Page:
Line 83: We could argue the opposite: because it is difficult to see at night animals would be expected to devote more time to vigilance. In flamingos, as in the wallaby study cited above, birds were more vigilant on darker nights (Ethology 109: 511-520).
Line 94: This can be true as long as animals do not use head movements for other purposes such as monitoring neighbours.

Experimental design

Line 119: To be absolutely clear, the same bird was used for 14 nights, 7 for control trials and 7 for light trials (during which only 4 nights had light). This means there were two trials per bird. Is that correct? This was not really clear. Also did you vary the order of presentation of control and light trials for each bird? Later in the results section, it seems to suggest that different birds were used for the different trial types. Clarify this please.
Line 124: It seems that light levels decreased quite rapidly with distance. Can such low light levels actually help a peahen see better in the area where danger is coming from (outside the cage)?
Line 167: At least in gulls, when the birds are sleeping, they open their eyes periodically without moving the head. This was considered to be vigilance. I agree that the large head movements are probably related to vigilance but I think a quite a sizable amount of vigilance cannot be tracked with head movements.
Line 210: What about the possibility of asymmetric eye closure? This has been documented in a large range of species (see the work by Amlaner and Lima for instance).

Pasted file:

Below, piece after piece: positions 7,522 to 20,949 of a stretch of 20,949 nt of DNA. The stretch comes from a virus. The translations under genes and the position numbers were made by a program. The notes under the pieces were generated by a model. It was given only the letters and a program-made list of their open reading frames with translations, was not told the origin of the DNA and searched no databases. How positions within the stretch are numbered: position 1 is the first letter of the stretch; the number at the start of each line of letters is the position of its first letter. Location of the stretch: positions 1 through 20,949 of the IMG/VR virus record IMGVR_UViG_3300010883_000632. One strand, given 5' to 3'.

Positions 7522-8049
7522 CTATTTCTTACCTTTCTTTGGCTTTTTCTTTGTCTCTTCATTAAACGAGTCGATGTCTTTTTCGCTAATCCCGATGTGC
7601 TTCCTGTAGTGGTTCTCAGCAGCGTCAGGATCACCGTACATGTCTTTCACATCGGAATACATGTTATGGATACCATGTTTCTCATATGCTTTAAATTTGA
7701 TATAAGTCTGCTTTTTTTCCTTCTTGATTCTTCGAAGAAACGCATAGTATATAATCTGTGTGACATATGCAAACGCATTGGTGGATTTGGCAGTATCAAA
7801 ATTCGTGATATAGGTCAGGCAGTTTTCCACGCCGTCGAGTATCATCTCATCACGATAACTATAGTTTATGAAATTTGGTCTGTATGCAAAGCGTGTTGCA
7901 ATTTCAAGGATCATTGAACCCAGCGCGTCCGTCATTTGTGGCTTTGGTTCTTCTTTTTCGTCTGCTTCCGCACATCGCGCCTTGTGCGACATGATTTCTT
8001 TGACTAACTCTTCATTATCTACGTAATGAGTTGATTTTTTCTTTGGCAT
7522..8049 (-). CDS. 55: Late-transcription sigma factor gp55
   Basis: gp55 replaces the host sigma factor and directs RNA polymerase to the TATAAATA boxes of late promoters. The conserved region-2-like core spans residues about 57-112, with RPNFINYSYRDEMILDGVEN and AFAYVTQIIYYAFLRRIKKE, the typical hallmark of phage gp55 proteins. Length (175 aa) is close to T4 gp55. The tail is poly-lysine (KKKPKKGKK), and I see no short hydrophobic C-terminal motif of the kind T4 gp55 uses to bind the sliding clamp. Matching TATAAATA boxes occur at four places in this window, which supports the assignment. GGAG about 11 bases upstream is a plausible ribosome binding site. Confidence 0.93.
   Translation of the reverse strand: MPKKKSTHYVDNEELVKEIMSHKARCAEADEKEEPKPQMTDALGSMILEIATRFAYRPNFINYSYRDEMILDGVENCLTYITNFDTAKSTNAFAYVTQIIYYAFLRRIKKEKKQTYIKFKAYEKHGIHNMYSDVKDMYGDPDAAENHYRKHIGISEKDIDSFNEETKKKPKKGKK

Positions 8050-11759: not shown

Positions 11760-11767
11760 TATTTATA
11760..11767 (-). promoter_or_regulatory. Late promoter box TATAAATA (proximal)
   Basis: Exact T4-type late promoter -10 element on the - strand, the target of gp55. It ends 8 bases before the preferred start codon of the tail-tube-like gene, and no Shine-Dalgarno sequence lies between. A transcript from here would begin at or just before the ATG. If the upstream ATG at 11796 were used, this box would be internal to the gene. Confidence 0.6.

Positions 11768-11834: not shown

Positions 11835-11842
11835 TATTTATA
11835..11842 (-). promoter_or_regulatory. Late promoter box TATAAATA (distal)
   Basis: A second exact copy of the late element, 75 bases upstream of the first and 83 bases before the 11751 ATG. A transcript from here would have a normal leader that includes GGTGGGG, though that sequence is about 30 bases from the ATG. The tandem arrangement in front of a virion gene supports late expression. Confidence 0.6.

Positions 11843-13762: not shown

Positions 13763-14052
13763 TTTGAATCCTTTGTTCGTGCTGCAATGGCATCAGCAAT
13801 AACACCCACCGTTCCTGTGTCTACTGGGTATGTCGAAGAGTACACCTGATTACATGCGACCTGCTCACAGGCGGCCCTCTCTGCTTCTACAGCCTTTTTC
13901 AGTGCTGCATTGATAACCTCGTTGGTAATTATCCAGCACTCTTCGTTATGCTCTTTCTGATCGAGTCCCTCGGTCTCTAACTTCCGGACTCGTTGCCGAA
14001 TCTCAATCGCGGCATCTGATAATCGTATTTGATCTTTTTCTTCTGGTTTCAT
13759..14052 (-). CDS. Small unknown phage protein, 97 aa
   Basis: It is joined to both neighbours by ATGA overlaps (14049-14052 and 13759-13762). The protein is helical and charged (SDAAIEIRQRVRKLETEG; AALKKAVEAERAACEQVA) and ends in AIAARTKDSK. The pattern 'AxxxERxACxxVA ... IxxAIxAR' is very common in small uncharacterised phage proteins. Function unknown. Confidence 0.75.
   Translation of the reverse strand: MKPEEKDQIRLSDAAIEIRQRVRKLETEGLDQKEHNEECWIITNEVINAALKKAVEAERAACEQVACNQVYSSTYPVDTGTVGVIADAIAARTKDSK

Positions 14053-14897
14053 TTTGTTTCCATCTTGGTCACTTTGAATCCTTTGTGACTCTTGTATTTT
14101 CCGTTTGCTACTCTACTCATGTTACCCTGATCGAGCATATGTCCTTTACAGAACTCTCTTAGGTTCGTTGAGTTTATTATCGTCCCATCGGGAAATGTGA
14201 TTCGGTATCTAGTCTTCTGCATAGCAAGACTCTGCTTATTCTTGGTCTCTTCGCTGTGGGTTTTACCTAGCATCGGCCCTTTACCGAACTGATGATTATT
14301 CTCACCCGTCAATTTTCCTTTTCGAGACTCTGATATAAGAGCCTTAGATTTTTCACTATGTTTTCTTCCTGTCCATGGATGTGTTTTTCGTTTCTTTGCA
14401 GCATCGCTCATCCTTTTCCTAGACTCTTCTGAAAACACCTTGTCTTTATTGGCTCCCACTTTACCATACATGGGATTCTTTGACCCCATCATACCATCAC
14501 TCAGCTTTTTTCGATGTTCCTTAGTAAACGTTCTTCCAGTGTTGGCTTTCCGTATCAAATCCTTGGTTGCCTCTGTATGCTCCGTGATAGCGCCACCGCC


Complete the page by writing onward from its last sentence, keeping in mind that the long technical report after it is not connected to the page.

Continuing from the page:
Line 267: What is a non-predator presence?
Line 270: So you performed many contrasts if I understand correctly. Did you control for the inflation of type I error rate associated with multiple testing?

Validity of the findings

Line 307: This is an odd result in the sense that if the birds are vigilant to detect predators or at least sources of disturbances they should spot these disturbances. Perhaps it would be necessary to see head movement rate just before and after predator presence instead of measuring overall head movement rate, which probably swamped the temporary effect. I suggest looking at this to examine this hypothesis.
Line 378: Perhaps the real conclusion is that peahens decreased their sleeping with the lights on. To show an effect on vigilance, I would like to see what they are doing when not sleeping. They could just be moving their heads with no real purpose. In the wallaby study, the floodlights provided quite a large amount of light and animals decreased their vigilance. Flamingos were also less alert on bright nights but again moonlight flooded the whole habitat. This should be discussed.

Comments for the author

In this experimental study, the effect of artificial lighting on vigilance was studied in peahens. There have been few attempts to investigate vigilance at night and fewer still on the effect of artificial lighting. The authors also use an accelerator to measure head movements thought to be indicative of vigilance, which allowed continuous recording of vigilance over the night. The results showed higher head movement rates on illuminated nights.
This study scores points for investigating vigilance outside the box and using a promising technology to measure vigilance. I think head movement rate has its limits to measure vigilance (blinks can provide useful information about disturbances but would not be recorded). In addition, it is not totally clear that head movements served for vigilance. What is clear is that peahens slept less on illuminated nights. It would be nice to show that head movements at night can actually serve to detect disturbances. I propose below a way of showing this with the data. I have other more minor points listed below.